- Apple cannot bar developers from providing buttons or links in their apps;
- The ruling also said that Apple cannot ban developers from communicating with customers via contact information.
A U.S. judge on Friday issued a ruling in “Fortnite” creator Epic Games‘ antitrust lawsuit against Apple‘s App Store, striking down some of Apple’s restrictions on how developers can collect payments in apps.
The ruling is similar to a move that Apple made to settle an antitrust ruling in Japan last week and says Apple cannot bar developers from providing buttons or links in their apps that direct customers to other ways to pay outside of Apple’s own in-app purchase system, which charges developers commissions of up to 30%. The ruling also said that Apple cannot ban developers from communicating with customers via contact information that the developers obtained when customers signed up within the app.
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The ruling comes after a three-week trial in May before Judge Yvonne Gonzalez Rogers of the U.S. District Court for the Northern District of California.
Apple shares moved down about 3.4% on news of the decision, knocking $87 billion off the company’s market value. Shares of Alphabet, which operates an app store for Android smartphones, reversed an earlier gain and were last down 0.8%.
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Shares of videogame makers that offer their games on Apple‘s app store rallied. Zynga surged 8%, while Electronic Arts and Activision Blizzard each rose over 2%.
The decision strikes down a core part of Apple‘s App Store rules, which prohibit developers from telling users about other places they can go to pay the developer directly rather than using Apple’s payment mechanisms. Gonzalez Rogers issued a nationwide order that allows developers to put into their apps “buttons, external links, or other calls to action that direct customers to purchasing mechanisms.”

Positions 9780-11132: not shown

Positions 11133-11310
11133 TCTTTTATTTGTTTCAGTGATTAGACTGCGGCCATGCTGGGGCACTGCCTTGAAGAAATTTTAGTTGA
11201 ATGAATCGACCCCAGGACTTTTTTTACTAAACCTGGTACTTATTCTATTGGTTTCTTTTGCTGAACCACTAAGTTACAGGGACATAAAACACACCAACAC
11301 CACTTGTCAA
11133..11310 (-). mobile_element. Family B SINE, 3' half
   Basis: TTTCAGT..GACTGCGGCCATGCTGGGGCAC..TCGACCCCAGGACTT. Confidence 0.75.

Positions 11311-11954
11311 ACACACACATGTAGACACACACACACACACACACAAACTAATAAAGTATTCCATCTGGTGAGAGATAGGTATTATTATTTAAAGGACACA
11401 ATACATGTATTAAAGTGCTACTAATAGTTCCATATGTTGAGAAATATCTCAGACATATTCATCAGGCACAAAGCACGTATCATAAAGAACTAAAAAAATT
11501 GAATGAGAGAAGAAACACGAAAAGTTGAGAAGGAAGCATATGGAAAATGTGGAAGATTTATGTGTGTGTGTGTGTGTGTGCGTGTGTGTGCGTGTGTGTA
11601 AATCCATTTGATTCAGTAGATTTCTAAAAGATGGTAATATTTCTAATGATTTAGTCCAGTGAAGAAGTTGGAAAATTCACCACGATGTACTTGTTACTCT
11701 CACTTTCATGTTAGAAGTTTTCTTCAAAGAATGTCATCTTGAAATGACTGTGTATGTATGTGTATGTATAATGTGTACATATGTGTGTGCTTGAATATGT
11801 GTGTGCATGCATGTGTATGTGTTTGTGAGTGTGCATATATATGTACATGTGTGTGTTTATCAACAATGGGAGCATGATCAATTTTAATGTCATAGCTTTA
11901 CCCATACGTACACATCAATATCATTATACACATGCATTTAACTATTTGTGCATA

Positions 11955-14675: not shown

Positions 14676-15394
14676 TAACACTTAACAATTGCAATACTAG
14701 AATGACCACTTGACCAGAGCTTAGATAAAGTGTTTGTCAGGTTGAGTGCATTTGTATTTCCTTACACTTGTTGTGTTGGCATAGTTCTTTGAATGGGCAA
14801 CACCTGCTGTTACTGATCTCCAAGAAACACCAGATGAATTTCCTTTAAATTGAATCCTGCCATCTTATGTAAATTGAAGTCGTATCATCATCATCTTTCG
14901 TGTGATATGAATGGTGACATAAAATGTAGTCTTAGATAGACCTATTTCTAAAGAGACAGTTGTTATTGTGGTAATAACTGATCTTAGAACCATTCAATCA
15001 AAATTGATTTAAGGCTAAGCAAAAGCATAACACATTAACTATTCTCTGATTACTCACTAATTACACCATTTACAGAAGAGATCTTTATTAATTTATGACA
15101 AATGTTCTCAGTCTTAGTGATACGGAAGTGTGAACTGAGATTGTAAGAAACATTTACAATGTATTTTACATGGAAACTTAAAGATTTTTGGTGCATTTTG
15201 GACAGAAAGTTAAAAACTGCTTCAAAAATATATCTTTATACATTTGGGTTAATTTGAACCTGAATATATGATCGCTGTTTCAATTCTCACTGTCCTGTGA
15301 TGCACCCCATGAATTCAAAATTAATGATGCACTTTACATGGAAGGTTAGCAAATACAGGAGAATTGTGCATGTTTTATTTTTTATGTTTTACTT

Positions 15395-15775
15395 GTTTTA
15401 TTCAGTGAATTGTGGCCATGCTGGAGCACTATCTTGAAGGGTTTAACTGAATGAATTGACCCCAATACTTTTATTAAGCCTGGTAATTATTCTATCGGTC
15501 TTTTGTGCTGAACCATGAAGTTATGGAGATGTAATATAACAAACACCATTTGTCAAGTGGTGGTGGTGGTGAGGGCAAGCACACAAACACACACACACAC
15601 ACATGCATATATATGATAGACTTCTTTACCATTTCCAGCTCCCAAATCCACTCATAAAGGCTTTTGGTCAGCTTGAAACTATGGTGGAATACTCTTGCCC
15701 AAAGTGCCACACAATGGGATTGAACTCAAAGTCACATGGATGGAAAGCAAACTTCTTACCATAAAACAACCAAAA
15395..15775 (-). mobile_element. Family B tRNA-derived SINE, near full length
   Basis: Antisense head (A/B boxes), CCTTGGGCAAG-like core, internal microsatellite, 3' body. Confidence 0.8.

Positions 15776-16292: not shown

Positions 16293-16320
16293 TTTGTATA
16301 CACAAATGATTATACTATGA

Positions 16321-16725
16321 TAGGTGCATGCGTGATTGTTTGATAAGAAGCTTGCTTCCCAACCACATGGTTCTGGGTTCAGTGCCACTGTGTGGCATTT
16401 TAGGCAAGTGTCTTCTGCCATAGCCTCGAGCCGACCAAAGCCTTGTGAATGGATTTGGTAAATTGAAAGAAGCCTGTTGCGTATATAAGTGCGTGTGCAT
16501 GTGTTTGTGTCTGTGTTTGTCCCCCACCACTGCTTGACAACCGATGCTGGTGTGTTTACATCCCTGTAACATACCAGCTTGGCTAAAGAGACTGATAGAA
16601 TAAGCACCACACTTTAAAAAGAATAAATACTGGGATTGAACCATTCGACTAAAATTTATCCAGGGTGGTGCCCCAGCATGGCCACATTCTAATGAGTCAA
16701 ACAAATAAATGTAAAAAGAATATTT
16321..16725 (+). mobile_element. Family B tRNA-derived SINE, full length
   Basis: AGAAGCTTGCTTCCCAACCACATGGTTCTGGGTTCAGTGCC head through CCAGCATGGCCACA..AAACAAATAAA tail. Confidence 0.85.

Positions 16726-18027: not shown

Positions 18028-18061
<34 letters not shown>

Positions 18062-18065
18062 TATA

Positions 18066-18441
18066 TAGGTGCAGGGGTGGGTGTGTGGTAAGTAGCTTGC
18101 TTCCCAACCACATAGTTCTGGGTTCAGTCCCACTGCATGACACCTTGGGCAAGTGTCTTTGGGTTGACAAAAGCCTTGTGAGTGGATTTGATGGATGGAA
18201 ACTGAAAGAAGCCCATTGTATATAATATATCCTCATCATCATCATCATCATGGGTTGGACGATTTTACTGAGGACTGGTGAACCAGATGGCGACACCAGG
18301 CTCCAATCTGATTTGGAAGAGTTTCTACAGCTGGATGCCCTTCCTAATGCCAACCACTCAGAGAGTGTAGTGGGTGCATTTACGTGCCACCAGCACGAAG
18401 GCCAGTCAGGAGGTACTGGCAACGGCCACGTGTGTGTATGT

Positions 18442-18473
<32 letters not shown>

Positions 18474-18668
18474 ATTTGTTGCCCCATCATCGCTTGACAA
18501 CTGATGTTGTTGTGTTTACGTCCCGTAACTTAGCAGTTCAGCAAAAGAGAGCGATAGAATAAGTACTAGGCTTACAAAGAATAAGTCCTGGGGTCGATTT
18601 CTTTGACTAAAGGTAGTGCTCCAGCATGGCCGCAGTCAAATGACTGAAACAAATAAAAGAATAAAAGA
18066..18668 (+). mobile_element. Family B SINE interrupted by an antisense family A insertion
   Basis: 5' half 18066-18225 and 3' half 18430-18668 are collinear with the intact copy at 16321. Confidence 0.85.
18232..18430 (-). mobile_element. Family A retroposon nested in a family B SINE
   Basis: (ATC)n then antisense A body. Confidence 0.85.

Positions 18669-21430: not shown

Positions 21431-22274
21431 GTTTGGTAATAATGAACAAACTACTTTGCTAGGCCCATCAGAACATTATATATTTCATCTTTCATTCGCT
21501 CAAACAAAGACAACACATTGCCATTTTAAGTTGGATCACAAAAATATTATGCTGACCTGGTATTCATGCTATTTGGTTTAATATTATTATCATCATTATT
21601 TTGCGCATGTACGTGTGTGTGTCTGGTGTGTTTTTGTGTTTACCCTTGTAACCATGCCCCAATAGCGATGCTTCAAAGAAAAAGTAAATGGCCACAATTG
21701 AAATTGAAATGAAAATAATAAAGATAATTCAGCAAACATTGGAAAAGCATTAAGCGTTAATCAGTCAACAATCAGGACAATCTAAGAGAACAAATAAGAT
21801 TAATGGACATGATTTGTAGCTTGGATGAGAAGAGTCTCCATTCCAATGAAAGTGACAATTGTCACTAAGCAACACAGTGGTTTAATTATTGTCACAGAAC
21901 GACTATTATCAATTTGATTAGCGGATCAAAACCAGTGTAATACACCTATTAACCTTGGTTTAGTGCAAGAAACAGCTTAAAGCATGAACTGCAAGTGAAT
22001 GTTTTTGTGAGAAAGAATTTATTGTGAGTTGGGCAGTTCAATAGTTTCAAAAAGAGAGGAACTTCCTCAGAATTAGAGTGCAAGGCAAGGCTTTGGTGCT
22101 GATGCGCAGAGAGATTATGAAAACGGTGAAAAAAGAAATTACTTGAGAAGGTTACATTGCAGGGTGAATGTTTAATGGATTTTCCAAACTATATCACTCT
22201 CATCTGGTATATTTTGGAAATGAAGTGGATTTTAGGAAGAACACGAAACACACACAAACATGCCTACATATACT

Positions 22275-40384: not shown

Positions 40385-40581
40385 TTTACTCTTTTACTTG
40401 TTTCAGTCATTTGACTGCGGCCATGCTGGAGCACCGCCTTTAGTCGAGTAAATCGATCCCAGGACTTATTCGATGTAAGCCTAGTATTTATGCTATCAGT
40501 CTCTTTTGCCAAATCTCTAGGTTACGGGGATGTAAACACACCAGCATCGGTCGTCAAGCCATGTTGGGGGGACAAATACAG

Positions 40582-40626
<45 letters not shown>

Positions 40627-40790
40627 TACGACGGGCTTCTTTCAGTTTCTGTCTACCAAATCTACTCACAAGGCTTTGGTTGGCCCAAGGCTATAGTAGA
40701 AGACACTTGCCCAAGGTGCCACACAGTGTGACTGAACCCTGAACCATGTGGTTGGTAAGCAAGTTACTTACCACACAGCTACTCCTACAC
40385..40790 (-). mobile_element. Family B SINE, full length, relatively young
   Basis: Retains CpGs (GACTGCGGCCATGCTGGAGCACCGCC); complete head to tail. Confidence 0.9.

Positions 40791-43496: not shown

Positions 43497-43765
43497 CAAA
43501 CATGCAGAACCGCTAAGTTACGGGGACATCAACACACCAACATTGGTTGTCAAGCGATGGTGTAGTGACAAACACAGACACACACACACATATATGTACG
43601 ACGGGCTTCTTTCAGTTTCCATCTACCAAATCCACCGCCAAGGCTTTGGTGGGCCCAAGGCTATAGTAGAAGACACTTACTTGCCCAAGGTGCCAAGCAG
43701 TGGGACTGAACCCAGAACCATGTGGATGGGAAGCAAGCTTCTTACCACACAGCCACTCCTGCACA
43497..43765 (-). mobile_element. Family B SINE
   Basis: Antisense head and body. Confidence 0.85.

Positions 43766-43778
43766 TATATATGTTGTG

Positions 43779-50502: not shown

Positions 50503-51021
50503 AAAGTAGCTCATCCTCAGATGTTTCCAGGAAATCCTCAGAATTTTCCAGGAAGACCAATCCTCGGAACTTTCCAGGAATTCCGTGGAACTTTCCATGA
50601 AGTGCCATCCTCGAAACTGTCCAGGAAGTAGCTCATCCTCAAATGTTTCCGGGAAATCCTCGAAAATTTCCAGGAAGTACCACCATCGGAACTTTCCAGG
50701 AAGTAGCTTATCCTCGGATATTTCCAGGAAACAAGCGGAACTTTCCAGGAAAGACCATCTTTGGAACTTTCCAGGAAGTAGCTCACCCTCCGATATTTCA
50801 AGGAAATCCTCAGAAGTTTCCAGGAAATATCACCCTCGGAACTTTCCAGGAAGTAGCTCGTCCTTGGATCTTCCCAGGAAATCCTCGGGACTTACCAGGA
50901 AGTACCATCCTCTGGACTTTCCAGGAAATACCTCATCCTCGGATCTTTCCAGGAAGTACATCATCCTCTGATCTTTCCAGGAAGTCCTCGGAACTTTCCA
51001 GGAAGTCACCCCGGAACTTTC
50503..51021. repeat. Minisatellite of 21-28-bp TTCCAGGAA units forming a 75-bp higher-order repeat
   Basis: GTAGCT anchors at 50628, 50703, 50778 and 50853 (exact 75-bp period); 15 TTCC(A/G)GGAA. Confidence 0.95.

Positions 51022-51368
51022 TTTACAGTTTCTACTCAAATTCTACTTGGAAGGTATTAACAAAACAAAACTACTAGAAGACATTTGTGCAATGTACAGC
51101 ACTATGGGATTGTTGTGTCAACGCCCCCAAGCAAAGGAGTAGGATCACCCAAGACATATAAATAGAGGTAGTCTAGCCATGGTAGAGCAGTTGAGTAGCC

But Gonzalez Rogers stopped short of granting Epic some of its other wishes, such as forcing Apple to open the iPhone up to third-party app stores.
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Apple said in a statement: “As the Court recognized ‘success is not illegal. Apple faces rigorous competition in every segment in which we do business, and we believe customers and developers choose us because our products and services are the best in the world.”
The orders are similar to a move that Apple made last week to conclude an investigation by the Japan Fair Trade Commission in which Apple said it would allow such “reader” apps like Netflix Inc to provide a link to customers to sign up for a paid account outside of the app, skipping Apple’s commission.
Last week, analysts estimated that the JFTC settlement would shave off only 1% to 2% of Apple‘s profit because “reader” apps are a small part of the company’s App Store revenue. But games are a much larger portion.
“While reader apps collectively make up just 14% of (the past 12 months’) App Store developer revenue, Gaming apps are the App Store cash cow, accounting for 63% of developer revenue” over the past year, Morgan Stanley analyst Katy Huberty wrote in a note.
The judge ruled Epic failed to demonstrate Apple is an illegal monopolist, but did show the smartphone giant engaged in “anticompetitive conduct” under California laws.
The judge issued a nationwide injunction blocking Apple “anti-steering provisions” — rules that limit app developers from pointing users outside of Apple’s ecosystem.
The judge said these rules “hide critical information from consumers and illegally stifle consumer choice.”